He said the leaders of Africa’s liberation struggle were not selfish, but were accountable to the people, and guided by solidarity, patriotism and common purpose, values which helped them to achieve independence for their countries.
He mentioned Dr Kwame Nkrumah, first President of Ghana, Dr Kenneth Kaunda of Zambia, Dr Julius Nyerere of Tanzania and Mr Samora Machel of Mozambique, as some of the leaders of Africa’s liberation struggle whose contributions should have guided the actions of the current leadership on the continent.
Former President Chissano stated this when he delivered the third edition of the Africa Leadership Lectures in Tamale on Thursday, under the topic: “The evolution of the strong visionary leadership of the frontlline states and its contributions to the Liberation Struggle in Southern Africa.”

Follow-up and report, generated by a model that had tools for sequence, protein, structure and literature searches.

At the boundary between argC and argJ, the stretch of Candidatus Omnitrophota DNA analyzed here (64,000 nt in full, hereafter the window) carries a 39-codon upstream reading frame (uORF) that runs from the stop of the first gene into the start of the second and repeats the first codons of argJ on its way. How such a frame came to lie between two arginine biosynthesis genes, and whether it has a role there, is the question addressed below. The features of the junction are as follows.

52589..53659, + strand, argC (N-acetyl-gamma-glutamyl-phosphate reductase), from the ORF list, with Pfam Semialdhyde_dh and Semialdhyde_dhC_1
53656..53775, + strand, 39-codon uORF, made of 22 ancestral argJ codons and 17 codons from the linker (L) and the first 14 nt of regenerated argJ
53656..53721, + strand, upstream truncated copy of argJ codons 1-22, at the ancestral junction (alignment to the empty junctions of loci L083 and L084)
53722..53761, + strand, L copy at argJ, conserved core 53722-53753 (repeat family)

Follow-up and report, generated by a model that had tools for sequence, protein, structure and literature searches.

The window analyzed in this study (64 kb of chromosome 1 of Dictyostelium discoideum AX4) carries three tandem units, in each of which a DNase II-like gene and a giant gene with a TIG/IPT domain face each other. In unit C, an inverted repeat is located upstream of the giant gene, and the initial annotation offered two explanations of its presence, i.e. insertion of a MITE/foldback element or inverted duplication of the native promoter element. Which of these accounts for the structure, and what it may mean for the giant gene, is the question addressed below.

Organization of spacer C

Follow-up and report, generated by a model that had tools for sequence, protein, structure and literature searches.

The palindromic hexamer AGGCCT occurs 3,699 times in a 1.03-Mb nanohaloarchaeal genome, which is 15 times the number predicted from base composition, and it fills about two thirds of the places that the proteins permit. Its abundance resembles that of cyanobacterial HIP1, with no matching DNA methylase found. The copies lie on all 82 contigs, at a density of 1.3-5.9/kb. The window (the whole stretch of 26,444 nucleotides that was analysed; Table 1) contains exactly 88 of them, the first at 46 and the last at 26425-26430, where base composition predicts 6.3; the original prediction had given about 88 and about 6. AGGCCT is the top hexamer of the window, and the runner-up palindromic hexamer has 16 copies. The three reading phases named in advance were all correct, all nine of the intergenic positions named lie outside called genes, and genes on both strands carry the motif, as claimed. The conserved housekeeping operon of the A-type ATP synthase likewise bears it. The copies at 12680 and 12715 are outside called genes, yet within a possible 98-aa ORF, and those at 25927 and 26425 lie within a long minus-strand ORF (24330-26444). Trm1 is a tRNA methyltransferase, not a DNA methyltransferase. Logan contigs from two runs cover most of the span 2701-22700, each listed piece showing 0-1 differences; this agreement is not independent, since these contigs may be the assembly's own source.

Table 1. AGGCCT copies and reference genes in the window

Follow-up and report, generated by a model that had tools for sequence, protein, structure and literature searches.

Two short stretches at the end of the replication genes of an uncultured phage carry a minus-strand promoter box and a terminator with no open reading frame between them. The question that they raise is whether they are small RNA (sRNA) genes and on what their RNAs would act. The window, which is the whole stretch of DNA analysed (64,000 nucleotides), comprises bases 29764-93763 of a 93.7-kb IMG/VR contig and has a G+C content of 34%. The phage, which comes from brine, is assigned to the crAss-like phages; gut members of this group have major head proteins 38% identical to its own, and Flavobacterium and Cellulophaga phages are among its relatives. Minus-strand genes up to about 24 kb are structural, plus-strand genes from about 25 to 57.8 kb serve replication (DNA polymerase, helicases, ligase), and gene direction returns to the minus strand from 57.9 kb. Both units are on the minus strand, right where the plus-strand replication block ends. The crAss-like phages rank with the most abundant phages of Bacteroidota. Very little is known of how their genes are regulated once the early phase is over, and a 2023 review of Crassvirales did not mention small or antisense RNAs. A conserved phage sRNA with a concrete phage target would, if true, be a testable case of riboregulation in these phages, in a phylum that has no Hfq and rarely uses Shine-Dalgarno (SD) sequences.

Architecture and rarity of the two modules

The Africa Leadership Lectures, held annually, were instituted by the University for Development Studies (UDS) in 2013, to contribute to a national and transnational discourse on productive leadership culture that will support and enhance African development.
Mr Chissano said it was important to learn from the past to guide the actions of the present to ensure progress, and urged all to recognise and celebrate the contributions of leaders of Africa’s liberation struggle.
He urged Africa universities to research into the contributions of leaders of Africa’s liberation struggle, as a means of contributing to knowledge that will guide the present generation of Africa in its quest for development.
Dr Abdulai Baba Salifu, Chairman of the Governing Council of UDS, said it was the conviction of the university that African leaders had the opportunity and the resources to transform the continent, by pursuing prudent scientific and development policies, as well as nurturing indigenous talents hence the institution of the Africa Leadership Lectures.
Professor Haruna Yakubu, Vice-Chancellor of UDS, said the Africa Leadership Lectures were a platform to subject the issues of leadership and development on the continent to the required critical thought.